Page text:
While plants are invariably attacked by numerous insects and pathogens, the consequences of multiple enemies for plant performance are poorly understood. In particular, a predictive framework is lacking for when to expect enemies to have independent versus non-independent effects on their host plant. This is problematic for weed biological control programmes where multiple enemies are frequently released with the possibility of antagonistic interactions that may reduce control. Here, we conduct an analysis of 74 unique plant-enemy-enemy combinations from 51 studies to determine the frequency of non-independent effects of natural enemies on host plant performance, and test a number of a priori predictions for determinants of independent and antagonistic effects of multiple enemies. For three-quarters of plant response measurements, enemies had independent effects on plant performance. In most of the remainder, multiple enemies led to less reduction in performance than that predicted from each enemy alone. Antagonistic effects occurred when enemies attacked the same plant part concurrently or attacked plant reproductive structures. These two predictors explained why antagonistic effects were particularly prevalent for weeds, plants in the family Asteraceae and enemies in the order Diptera. Our results suggest that a few simple rules about avoiding particular combinations of multiple enemies could improve biological control success.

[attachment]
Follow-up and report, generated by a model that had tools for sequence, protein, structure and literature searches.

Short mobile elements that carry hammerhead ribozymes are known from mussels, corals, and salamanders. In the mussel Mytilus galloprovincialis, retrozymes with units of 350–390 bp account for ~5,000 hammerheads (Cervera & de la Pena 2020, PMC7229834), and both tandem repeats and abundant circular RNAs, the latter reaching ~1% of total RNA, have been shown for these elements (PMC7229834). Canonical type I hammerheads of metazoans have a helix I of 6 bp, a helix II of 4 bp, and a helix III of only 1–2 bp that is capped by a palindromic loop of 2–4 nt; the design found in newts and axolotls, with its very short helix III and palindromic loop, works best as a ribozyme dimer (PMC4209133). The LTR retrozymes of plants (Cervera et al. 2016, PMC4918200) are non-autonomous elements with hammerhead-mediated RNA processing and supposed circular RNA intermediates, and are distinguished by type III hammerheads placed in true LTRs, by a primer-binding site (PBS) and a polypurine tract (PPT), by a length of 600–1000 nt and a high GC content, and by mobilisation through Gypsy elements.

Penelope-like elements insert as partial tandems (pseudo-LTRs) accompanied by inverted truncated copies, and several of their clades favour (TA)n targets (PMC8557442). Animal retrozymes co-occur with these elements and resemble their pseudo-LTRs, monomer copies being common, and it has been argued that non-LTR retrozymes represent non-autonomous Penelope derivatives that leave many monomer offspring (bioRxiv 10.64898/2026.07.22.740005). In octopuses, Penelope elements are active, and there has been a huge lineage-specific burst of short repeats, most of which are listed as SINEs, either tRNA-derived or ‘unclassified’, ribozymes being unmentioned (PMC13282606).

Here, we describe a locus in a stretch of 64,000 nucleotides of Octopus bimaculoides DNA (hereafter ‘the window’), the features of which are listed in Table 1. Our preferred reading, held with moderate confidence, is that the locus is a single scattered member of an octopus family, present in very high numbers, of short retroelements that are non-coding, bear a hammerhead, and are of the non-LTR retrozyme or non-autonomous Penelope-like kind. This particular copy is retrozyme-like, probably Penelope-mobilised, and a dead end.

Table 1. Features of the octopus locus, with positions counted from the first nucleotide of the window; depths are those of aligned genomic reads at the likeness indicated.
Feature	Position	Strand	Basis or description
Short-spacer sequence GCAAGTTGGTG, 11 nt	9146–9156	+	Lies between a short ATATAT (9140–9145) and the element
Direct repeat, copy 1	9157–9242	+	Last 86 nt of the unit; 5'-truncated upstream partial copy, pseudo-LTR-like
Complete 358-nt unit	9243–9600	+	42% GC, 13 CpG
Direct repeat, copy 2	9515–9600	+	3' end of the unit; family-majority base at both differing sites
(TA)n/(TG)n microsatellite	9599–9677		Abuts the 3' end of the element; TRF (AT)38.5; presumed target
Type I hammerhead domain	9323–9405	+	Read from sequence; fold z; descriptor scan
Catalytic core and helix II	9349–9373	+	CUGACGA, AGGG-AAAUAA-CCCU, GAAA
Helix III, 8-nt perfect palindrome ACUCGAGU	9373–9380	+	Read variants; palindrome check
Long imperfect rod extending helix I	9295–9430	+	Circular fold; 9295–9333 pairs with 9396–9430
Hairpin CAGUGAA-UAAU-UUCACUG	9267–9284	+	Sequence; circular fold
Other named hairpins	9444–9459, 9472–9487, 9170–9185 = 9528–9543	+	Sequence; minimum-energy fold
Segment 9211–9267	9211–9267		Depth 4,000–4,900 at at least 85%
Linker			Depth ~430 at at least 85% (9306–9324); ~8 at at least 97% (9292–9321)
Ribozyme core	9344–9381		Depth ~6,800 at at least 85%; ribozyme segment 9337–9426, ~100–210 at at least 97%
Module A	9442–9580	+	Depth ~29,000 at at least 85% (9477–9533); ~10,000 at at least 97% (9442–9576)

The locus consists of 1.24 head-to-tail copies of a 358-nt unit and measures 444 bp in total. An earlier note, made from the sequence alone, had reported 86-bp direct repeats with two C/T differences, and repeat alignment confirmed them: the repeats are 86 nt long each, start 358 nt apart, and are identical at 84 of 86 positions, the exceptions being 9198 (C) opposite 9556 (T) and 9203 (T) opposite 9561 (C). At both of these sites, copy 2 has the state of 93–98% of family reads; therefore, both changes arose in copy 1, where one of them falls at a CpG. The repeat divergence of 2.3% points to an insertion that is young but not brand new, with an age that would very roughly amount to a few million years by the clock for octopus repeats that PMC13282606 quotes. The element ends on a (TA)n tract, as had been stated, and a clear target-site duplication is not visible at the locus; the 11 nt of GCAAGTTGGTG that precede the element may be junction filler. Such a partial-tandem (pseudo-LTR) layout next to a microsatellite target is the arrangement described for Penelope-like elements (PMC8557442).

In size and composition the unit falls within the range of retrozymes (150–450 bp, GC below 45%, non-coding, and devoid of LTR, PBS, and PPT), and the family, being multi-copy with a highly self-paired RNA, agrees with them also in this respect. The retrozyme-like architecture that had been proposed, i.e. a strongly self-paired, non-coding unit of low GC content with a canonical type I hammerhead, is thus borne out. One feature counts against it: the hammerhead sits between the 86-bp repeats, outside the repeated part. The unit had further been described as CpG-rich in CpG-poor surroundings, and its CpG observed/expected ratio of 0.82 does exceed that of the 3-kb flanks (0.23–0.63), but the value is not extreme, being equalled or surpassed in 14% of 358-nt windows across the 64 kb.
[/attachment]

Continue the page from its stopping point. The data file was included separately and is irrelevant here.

|Number of pages||9|
|Journal||Proceedings of the Royal Society B: Biological Sciences|
|Publication status||Published - 7 Jun 2013|
- Cumulative stress hypothesis
- Insect herbivores
- Plant pathogens
- Weed biological control